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Species Distribution in the Rocky Intertidal Zone La Bonte ) F igure 2 : The total number of species found in each plot for all transects. Shows the species presence in each horizontal zone. Transect Plot 1 (0 5m) Plot 2 (5 10m) Plot 3 (10 15m) Plot 4 (15 20m) Plot 5 (20 25m) Plot 6 (25 30m) 1 2 3 4 5 XXX XXX Diagram 2: The most prevalent terrain type described by plot There are three classes of organisms that are very prevalent throughout the intertid al zone and showed distinct distribution patterns : a nthozoa (sea anemones), bivalvia (clams), and gastropoda (snails) Two other species Diadema mexicanum the black urchin, and Chthamalus anisopoma acorn barnacles also show interesting distribution patterns Anthozoa (Sea Anemones ) Anemones are mainly found in aggregations along shaded ridges or in tide pools Anemones in the mid littoral zone are smal ler and in aggregations, while anemones in the lower and upper littoral zones tend to be larger and solitary. Anemone distribution follows a bell shaped curve when looking at the total number of species found in each transect by plot (Fig. 3 (a)). Anemones were all present at an equal abundance in Plot 3 Figure 3 (b) shows the distribution and abundance of anemones in the rocky intertidal zone of La Islita. The z axis shows each individual transect the x axis shows each plot, and the y axis is the measure of the '( !'( "'( #'( $'( %'( &'( *+,-(!(./0( *+,-("( *+,-(#(( *+,-($( *+,-(%( *+,-(&(1231( 4**(5( 6789:;<-(!( 6789:;<-(("( 6789:;<-((#( 6789:;<-(($( 6789:;<-(%( 1#2#/3' 4565, 1,+;=( ( ( ( >8++;=( ( ( ( 6?@;(*,,+( ( ( ( A87;(B,
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Species Distribution in the Rocky Intertidal Zone La Bonte D abundance. All together this graph shows the abundance of each species in each plot for each transect as a 3 D representation of La Islita as a whole. Anemone distribution in Transect 1 and 2 follows the bell shaped curved pattern, while the distribution in other transects varies. No transects have an abundance of one Figure 3(a): The summed distribution for all seven morphotypes of sea anemones in each transect by plot Figure 3(b): The distribution and abundance patterns for all seven morphotypes of sea anemones Bivalvia (Clams) There are three species of bi valves that a re found in the intertidal zone: large c lams p urple clams, and b lack clams Each clam has a different distribution and abundance pattern. Large clams (Fig. 4(a)) are mostly found in the low littoral zone, purple clams (Fig. 4(b)) are the most abundant in the mid littoral zone, and black clams (Fig. 4(c)) are found in only the uppe r littoral zone of the transects and only in the mid littoral zone of Transect 5. '( !''( "''( #''( $''( %''( &''( *+,-(!( *+,-("( *+,-(#( *+,-($( *+,-(%( *+,-(&( 7+)/3.$/#''' 8650' 6789:;<-(!( 6789:;<-("( 6789:;<-(#( 6789:;<-($( 6789:;<-(%( '( "'( $'( &'( D'( !''( *+,-(!( *+,-("( *+,-(#( *+,-($(( *+,-(%( *+,-(&(( 7+)/3.$#' 6789:;<-(!( 6789:;<-("( 6789:;<-(#( 6789:;<-($( 6789:;<-(%(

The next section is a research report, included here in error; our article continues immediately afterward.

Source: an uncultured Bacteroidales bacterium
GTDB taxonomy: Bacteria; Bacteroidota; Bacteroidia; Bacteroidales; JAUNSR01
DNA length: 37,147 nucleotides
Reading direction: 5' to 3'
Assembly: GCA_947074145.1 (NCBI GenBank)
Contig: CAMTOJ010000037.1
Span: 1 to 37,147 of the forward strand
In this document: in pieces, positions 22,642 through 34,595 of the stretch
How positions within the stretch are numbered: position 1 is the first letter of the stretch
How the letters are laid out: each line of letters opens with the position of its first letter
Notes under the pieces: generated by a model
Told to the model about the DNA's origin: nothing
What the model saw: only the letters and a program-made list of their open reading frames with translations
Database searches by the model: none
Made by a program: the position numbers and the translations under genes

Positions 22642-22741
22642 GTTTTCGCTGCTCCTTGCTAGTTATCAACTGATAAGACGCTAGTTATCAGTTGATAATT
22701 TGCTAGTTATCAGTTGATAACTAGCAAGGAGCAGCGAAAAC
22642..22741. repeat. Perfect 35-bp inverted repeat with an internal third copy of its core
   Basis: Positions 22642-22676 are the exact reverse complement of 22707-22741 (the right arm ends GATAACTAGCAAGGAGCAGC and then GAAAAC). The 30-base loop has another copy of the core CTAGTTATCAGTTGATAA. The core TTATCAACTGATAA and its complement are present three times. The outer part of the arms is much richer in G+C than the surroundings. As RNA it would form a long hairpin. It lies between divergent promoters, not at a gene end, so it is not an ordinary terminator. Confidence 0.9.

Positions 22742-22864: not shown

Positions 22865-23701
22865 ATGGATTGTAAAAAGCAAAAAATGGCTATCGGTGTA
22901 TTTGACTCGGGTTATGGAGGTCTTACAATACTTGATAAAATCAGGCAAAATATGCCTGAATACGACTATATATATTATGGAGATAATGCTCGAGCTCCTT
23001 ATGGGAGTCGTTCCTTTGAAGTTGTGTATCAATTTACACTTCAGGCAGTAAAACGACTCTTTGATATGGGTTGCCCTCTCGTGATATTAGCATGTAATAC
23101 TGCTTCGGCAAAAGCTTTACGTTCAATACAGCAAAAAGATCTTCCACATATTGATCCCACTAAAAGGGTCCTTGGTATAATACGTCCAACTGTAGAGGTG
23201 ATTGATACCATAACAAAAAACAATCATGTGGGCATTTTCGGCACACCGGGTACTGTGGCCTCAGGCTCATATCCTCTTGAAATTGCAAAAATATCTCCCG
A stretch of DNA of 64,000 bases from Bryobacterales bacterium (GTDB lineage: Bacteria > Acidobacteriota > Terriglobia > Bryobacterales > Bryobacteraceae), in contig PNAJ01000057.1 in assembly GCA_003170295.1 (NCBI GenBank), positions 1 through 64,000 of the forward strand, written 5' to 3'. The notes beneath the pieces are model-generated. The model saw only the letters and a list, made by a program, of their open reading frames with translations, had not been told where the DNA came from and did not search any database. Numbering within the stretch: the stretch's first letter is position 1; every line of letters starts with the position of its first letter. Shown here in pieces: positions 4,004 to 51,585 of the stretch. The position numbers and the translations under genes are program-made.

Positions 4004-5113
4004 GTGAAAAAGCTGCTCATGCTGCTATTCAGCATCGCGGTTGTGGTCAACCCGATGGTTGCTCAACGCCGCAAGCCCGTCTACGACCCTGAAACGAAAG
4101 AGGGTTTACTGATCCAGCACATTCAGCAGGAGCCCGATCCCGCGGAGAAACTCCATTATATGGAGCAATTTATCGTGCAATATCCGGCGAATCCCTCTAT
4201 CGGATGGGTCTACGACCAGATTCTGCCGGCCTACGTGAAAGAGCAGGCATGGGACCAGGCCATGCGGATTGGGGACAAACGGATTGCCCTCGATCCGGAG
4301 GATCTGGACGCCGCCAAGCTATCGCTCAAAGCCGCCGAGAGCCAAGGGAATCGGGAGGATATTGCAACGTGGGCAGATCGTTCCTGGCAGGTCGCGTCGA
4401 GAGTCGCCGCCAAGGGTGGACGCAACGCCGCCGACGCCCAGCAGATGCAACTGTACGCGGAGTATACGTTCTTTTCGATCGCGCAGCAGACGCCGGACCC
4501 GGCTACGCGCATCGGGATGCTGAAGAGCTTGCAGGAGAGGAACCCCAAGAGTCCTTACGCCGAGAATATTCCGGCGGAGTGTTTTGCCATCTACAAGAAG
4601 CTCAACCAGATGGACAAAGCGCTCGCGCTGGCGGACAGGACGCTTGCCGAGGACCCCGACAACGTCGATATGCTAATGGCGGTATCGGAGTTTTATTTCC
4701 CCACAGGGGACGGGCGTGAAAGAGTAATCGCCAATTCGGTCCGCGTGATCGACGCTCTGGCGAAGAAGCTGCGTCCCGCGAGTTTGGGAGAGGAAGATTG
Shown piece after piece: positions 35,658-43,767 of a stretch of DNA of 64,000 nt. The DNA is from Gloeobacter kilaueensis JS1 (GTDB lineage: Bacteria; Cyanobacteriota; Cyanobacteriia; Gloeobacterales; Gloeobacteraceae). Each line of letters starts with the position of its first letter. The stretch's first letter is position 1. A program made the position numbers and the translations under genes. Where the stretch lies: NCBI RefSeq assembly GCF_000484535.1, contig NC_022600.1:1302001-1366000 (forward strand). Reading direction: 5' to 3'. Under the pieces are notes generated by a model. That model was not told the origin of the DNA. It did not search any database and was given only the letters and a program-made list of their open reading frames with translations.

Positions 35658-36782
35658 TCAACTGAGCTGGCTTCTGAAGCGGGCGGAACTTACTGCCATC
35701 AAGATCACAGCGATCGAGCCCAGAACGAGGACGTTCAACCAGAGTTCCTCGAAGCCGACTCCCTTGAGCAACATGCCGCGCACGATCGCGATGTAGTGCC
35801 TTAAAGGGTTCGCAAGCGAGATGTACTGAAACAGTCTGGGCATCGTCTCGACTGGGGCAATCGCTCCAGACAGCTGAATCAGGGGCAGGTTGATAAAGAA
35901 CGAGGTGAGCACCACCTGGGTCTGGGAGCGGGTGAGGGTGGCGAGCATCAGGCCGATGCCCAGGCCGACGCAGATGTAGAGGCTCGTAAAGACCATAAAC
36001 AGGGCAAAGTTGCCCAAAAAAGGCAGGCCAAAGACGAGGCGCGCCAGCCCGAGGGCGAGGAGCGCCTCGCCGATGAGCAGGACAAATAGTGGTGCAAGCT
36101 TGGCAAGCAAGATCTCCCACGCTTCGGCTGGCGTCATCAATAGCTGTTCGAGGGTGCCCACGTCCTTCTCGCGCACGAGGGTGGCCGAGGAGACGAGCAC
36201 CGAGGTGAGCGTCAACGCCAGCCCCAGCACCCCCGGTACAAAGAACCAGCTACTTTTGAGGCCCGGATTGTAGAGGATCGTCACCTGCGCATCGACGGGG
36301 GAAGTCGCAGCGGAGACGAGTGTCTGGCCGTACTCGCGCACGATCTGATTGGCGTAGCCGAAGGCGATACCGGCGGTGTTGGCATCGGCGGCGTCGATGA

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Species Distribution in the Rocky Intertidal Zone La Bonte E Figure 4(a): The distribution and abundance pattern for "Large clams" in La Islita Figure 4(b): The distribution and abundance patterns for "Purple clam" in La Islita 6789:;<-(!( 6789:;<-("( 6789:;<-(#( 6789:;<-($( 6789:;<-(%( '( "'( $'( &'( D'( !''( *+,-(!( *+,-("( *+,-(#( *+,-($(( *+,-(%( *+,-(&(( 7+)/3./$#' 6789:;<-(!( 6789:;<-("( 6789:;<-(#( 6789:;<-($( 6789:;<-(%( 6789:;<-(!( 6789:;<-("( 6789:;<-(#( 6789:;<-($( 6789:;<-(%( '( "'( $'( &'( D'( !''( *+,-(!( *+,-("( *+,-(#( *+,-($(( *+,-(%( *+,-(&(( FGH9@89<;( 6789:;<-(!( 6789:;<-("( 6789:;<-(#( 6789:;<-($( 6789:;<-(%(

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Species Distribution in the Rocky Intertidal Zone La Bonte !' Figure 4(c): The distribution and abundance patterns for "Black clams" in La Islita Gastropoda (Snails) The re are four species of gastropods with spherical shells that I found: l arge snails, polka snails, Littorina sp. ( twirl snails ) and Nerita scabricosta (tide snails) Large snails (Fig. 5(a)) are only found in the first five meters of the zone Polka snails (Fig. 5(b)) have a max abundance of 10 and are found in the first plot for four of the transects and can also be found in the mid littoral zone. They are found up to Plot 5 in Transect 2. Twirl snails Littorina sp., (Fig. 5(c)) are found starting in the mid littoral zone up to the high tide mark and have max abundances in both the mid and upper littoral zone s Tide snails N. scabricosta, (Fig. 5(d)) have the largest abundance for gastropods and are found largely in the upper littoral zone. It was found by Garrity (1984) that N scabricosta aggregate in multilayer clumps of up to 1000 individuals in crevices. 6789:;<-(!( 6789:;<-("( 6789:;<-(#( 6789:;<-($( 6789:;<-(%( '( "''( $''( &''( D''( !'''( *+,-(!( *+,-("( *+,-(#( *+,-($(( *+,-(%( *+,-(&(( 7+)/3./$#' 6789:;<-(!( 6789:;<-("( 6789:;<-(#( 6789:;<-($( 6789:;<-(%( 6789:;<-(!( 6789:;<-("( 6789:;<-(#( 6789:;<-($( 6789:;<-(%( '( "( $( &( D( !'( *+,-(!( *+,-("( *+,-(#( *+,-($(( *+,-(%( *+,-(&(( 7+)/3.$#' 6789:;<-(!( 6789:;<-("( 6789:;<-(#( 6789:;<-($( 6789:;<-(%(